The UTS Master Plan delivers a series of new buildings, major upgrades and improved pedestrian connections right in the heart of Sydney's southern CBD, transforming the UTS City campus into one of Australia’s most recognised university campuses.
With teaching, research and industry engagement spaces that support the delivery of UTS’s collaboration- and technology-based model of teaching, as well as our industry-focused research, the City campus is now a destination for staff, students and visitors alike.
UTS’s vision for its campus has garnered wide support from government, industry and private donors, as evidenced by a $50 million Education Infrastructure Fund grant from the Federal Government for the Faculty of Engineering and IT Building and a $20 million gift by Australian-Chinese business leader Dr Chau Chak Wing – the largest private donation for a university building in Australia – for the new UTS Business School.
A revitalised Alumni Green sits at the heart of the new City campus. This 'green heart' forms a key part of the City Campus Master Plan vision, which responds to a number of key drivers within the UTS strategic plan.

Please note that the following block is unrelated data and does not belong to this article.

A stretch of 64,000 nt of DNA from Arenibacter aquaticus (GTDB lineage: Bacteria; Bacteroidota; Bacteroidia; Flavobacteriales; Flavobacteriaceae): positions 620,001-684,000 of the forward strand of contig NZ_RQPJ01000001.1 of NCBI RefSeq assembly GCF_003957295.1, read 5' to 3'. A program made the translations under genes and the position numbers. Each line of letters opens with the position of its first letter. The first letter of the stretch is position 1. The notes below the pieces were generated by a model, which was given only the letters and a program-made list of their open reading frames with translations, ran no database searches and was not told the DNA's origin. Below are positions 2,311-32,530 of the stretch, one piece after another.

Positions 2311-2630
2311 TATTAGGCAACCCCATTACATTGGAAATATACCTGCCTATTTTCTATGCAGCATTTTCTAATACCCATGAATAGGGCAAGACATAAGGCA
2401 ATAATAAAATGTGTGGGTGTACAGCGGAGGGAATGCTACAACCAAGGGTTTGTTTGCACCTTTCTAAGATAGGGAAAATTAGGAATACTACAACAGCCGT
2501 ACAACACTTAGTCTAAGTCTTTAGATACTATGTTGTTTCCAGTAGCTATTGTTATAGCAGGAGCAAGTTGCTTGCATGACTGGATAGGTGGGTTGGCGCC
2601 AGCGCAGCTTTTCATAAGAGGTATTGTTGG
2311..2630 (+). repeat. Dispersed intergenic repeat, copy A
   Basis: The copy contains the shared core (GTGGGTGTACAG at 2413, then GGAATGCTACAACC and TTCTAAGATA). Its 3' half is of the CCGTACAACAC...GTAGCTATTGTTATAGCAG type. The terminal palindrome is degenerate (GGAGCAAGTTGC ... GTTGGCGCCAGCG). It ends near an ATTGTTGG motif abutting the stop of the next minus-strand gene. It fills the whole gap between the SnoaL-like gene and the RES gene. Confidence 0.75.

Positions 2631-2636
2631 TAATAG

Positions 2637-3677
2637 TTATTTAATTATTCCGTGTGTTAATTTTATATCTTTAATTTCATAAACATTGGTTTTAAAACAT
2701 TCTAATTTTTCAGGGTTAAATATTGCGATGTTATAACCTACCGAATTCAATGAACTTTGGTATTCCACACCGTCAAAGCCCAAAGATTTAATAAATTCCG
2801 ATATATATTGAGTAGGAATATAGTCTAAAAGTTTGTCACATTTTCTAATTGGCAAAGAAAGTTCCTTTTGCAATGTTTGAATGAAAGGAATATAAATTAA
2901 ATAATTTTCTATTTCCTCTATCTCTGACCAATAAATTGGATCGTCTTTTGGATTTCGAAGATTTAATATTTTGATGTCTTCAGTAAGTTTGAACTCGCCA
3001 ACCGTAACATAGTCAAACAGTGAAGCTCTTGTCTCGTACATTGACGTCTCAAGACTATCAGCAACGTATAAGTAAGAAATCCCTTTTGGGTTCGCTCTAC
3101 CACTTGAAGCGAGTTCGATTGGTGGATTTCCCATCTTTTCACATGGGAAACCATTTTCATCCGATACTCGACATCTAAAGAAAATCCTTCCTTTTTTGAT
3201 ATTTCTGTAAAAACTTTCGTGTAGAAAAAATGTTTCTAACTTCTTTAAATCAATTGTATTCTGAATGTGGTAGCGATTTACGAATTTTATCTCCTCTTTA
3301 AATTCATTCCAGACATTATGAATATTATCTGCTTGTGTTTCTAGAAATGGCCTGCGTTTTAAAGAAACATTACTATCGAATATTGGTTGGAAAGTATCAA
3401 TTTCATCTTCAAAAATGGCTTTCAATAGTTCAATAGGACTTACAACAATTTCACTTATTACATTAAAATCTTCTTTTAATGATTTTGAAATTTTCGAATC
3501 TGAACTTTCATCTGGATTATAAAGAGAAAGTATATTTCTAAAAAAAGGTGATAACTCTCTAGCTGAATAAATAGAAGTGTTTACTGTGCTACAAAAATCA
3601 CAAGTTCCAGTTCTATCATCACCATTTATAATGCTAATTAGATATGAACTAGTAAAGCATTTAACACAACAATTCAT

Announcing the vision
The City Campus Master Plan was announced in May 2008 as part of UTS's 20th anniversary celebrations, aiming to:
- Deliver a revitalised campus that matches our position as a leading university of technology
- Create a global city campus with an identifiable heart
- Create a 'sticky' campus: a place where students want to study, learn and socialise
- Embrace new teaching and learning paradigms, including the library of the future
- Create a vital campus with a clear pedestrian network and connections to adjacent transport, commercial and cultural hubs
- Commit to holistic sustainability goals
- Consolidate faculty locations and student services hubs
- Accommodate future student and staff growth.
Issues addressed by the UTS City Campus Master Plan
The UTS City campus developed substantially over the course of its first 20 years, spreading across several city blocks, separated by busy streets. In that time, the university’s strategic objectives also shifted. The Master Plan addresses the shortcomings that have developed and strengthens our position as a leading provider of tertiary education.
Key issues addressed by the masterplan include:
- fragmented nature of the existing campus
- lack of quality open and public spaces
- need for upgraded teaching, learning and research facilities
- improved sustainability
- expected growth in the number of students and staff in the decade ahead.